Police said Cheatham, driving his Ford Ranger pickup, drove up to the Price home, a two-story, 3,600-square-foot residence on a hill. He started firing even before he entered the house. "He was not trying to hide that he was coming," said Maj. Bob Callahan, commander of the Fairfax police criminal investigations bureau.

Police believe Cheatham broke into the house and methodically went from room to room, looking for his victims. He fired more than 50 shots in all, reloading as he hunted down the victims while they scrambled for their lives, police said.

One victim was found slain inside a bedroom closest, where the person apparently was trying to evade the gunman. The other two were found dead next to beds. Authorities said all the victims had been shot multiple times in the upper body.

"Once he started shooting, it did not take long," Callahan said.

Buro was found in a first-floor bedroom. He had been staying at the Prices' home for about a week, police said. Buro, of Vienna, had been doing odd jobs since graduating from Langley High School, said his stepfather, Ralph Hendry. Buro had also had a recent scrape with the law, having appeared in court two weeks ago in connection with a minor theft charge, according to public records.

Janina Price was found in the master bedroom, and her son Adam was discovered in a second-floor bedroom.

"It appeared that they probably were still asleep or in their rooms when everything started," Callahan said. "It certainly appears that people in the house heard gunshots and tried to take cover in their rooms."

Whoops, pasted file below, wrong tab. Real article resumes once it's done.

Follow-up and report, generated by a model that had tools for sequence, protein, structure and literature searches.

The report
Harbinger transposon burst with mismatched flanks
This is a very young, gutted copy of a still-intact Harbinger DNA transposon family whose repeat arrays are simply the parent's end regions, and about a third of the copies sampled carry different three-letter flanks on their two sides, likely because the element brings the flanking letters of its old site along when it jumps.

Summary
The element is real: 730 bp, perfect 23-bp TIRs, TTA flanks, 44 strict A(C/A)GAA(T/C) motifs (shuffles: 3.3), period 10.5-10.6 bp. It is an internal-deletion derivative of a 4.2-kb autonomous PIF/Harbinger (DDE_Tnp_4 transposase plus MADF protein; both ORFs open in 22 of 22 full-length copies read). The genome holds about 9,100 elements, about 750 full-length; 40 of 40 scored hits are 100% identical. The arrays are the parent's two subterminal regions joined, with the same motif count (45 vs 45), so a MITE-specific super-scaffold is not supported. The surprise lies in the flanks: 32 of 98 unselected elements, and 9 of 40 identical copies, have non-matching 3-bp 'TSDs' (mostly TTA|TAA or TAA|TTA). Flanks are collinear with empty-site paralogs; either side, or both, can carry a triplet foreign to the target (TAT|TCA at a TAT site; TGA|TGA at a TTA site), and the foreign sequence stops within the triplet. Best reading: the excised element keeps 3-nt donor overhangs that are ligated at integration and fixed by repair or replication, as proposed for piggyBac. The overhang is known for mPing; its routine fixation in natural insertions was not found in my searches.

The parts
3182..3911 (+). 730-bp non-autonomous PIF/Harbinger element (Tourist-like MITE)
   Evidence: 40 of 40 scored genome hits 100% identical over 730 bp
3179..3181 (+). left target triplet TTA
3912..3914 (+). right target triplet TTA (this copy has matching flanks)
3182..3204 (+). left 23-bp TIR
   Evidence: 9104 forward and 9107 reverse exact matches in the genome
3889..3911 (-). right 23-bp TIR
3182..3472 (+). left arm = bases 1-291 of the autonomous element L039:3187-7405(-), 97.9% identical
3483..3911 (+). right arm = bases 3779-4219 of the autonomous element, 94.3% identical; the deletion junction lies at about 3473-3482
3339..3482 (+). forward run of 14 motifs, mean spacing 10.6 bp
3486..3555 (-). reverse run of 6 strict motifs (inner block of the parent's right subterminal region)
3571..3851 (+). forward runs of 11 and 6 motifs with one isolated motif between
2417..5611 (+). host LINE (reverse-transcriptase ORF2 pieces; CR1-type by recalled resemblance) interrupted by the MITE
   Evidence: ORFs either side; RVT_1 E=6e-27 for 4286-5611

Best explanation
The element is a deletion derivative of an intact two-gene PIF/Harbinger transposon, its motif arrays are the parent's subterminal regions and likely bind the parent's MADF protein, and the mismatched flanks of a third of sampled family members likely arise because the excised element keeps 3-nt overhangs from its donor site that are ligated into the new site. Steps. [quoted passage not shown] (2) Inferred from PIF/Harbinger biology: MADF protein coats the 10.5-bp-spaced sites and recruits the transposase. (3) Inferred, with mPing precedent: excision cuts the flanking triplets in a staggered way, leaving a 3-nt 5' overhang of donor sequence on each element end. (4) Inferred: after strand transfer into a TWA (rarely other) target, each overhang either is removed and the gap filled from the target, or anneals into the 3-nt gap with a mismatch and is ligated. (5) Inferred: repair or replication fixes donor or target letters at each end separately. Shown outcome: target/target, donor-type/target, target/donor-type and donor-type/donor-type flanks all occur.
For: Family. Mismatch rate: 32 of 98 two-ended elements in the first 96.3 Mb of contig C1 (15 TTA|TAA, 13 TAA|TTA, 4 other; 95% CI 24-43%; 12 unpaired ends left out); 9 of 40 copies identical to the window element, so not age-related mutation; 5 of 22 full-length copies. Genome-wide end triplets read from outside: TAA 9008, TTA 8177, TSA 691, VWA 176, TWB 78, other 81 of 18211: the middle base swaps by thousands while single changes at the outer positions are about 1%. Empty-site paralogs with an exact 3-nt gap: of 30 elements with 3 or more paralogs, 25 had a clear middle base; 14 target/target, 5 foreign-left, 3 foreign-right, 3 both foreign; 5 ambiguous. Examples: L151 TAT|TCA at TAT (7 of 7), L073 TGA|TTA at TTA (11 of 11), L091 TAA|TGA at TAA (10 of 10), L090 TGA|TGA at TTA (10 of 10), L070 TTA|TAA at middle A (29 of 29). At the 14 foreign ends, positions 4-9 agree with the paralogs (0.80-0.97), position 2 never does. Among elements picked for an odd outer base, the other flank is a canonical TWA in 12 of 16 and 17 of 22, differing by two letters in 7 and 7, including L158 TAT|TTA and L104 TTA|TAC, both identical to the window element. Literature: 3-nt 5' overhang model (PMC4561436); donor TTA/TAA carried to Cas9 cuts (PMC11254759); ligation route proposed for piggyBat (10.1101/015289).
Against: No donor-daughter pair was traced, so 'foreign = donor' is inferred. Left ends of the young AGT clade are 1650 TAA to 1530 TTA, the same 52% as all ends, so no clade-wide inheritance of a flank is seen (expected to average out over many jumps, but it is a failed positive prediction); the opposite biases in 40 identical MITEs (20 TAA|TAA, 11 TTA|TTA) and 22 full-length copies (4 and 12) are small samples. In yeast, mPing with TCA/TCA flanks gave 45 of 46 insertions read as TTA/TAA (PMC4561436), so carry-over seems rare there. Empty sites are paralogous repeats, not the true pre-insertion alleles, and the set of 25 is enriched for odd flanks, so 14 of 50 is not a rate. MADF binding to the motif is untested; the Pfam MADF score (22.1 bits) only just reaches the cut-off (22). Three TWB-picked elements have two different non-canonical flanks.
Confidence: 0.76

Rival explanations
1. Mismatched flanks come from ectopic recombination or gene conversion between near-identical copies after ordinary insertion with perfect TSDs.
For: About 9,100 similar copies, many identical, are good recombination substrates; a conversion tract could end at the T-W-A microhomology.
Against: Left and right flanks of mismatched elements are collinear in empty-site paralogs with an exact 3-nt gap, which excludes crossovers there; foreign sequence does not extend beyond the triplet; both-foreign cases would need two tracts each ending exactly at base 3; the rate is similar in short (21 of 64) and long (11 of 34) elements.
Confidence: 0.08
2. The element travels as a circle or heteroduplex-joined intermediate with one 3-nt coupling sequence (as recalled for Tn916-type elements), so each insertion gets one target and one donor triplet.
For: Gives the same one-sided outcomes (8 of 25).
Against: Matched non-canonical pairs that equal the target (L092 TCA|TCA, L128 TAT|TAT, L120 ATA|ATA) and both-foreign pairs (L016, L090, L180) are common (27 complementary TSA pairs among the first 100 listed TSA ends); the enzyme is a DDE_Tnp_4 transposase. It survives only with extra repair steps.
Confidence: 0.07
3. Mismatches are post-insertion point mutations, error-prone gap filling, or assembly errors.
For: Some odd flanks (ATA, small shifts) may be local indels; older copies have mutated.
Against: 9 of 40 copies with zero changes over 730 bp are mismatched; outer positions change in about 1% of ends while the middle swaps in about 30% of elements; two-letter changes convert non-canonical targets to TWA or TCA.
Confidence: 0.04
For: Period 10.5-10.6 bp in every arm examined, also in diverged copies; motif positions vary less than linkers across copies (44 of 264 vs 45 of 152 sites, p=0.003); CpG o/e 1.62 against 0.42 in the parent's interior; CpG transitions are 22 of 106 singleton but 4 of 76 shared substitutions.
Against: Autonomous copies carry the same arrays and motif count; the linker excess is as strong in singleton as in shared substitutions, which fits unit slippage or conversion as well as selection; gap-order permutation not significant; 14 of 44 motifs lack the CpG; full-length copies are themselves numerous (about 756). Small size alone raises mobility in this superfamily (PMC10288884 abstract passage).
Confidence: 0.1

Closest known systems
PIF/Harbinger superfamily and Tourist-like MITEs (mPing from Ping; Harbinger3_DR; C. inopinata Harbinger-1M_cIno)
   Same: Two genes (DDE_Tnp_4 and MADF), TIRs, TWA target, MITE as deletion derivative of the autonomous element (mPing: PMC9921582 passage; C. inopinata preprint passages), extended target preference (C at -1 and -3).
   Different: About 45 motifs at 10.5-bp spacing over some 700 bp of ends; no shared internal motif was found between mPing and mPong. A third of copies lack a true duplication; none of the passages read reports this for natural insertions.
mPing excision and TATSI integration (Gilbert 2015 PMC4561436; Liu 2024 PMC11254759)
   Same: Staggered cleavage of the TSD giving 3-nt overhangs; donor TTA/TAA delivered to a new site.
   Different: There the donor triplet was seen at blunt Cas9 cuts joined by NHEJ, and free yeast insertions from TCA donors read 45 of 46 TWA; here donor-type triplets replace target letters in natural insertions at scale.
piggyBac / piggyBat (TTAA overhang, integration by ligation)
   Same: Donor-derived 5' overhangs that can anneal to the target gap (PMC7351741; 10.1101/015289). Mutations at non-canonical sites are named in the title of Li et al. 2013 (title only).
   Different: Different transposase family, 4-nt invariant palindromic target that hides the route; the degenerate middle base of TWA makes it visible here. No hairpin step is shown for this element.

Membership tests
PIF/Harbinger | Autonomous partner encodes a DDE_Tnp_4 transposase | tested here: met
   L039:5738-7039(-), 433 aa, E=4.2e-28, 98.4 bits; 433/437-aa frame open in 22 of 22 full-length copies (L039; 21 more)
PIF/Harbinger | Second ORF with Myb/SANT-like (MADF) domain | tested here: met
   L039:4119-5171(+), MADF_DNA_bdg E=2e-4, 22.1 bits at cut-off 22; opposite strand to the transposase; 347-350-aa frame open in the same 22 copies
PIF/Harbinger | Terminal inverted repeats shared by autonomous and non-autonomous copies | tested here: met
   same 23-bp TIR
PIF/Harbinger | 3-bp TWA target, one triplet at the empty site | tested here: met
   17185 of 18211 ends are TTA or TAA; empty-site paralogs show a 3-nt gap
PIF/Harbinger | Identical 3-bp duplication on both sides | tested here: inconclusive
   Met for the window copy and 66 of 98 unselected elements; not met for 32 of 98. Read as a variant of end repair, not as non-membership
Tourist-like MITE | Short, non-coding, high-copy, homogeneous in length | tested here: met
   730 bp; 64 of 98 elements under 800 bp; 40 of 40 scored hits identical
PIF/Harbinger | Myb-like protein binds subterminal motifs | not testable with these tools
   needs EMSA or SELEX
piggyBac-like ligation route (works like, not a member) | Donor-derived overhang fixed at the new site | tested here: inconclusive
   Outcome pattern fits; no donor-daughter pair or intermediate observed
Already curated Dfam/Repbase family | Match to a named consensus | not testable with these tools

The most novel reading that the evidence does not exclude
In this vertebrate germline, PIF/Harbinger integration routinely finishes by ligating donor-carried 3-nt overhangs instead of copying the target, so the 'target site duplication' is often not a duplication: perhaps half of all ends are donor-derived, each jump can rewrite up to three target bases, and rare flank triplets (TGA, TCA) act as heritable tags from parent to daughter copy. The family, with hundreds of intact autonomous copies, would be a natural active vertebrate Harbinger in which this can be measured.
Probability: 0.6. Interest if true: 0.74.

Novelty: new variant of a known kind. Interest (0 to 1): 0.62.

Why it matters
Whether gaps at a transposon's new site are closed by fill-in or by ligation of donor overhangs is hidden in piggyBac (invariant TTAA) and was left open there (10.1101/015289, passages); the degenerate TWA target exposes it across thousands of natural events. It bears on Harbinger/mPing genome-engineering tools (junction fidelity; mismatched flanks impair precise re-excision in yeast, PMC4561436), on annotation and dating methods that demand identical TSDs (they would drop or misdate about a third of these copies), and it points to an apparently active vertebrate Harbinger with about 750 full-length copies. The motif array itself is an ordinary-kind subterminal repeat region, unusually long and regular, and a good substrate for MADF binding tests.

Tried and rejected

Neighbors near Janina Price's previous home, on Woodleaf Lane, said they did not know what she did for a living. According to court records, Price, a widow, had been charged nearly 20 times in the past 12 years with minor violations ranging from concealing merchandise to trespassing to driving with a suspended license. The most serious offense appears to have occurred in 1999, when she was sentenced to 30 days in jail on a misdemeanor theft charge.

About 10:25 a.m. Sunday, police received a 911 call from a Price family member who had hidden in the basement after hearing the shots outside. That person, whom authorities declined to further identify, was to be the sole survivor of the attack. Police arrived at the house four minutes later and found Cheatham's idling truck at the end of the driveway. But the shooting was over, they said.

Authorities said that about 11:30 a.m., the survivor fled the house, and police then secured the basement. The tactical unit entered the home about 2 p.m. and found the four dead people, including Cheatham, whose body was in the master bedroom. Police said they discovered bullet holes in the bedroom doors and unused ammunition on Cheatham's body.

Meanwhile, officers sped to the address of the truck's registered owner, Nathan Cheatham, in the 8500 block of Lewinsville Road, about 11 a.m. They discovered the body of Sheila Cheatham, shot multiple times, in the driveway behind the house.

The day's casualties also included a black Labrador retriever named Max, who was found at the Sycamore Springs Lane home. The dog had been shot three times and was taken to a Vienna emergency clinic, where veterinarians performed surgery. The dog is expected to survive, police said.

Staff writers Michelle Boorstein Allison Klein, Carol Morello, Sue Ann Pressley and William Wan and staff researchers Madonna Lebling and Eddy Palanzo contributed to this report.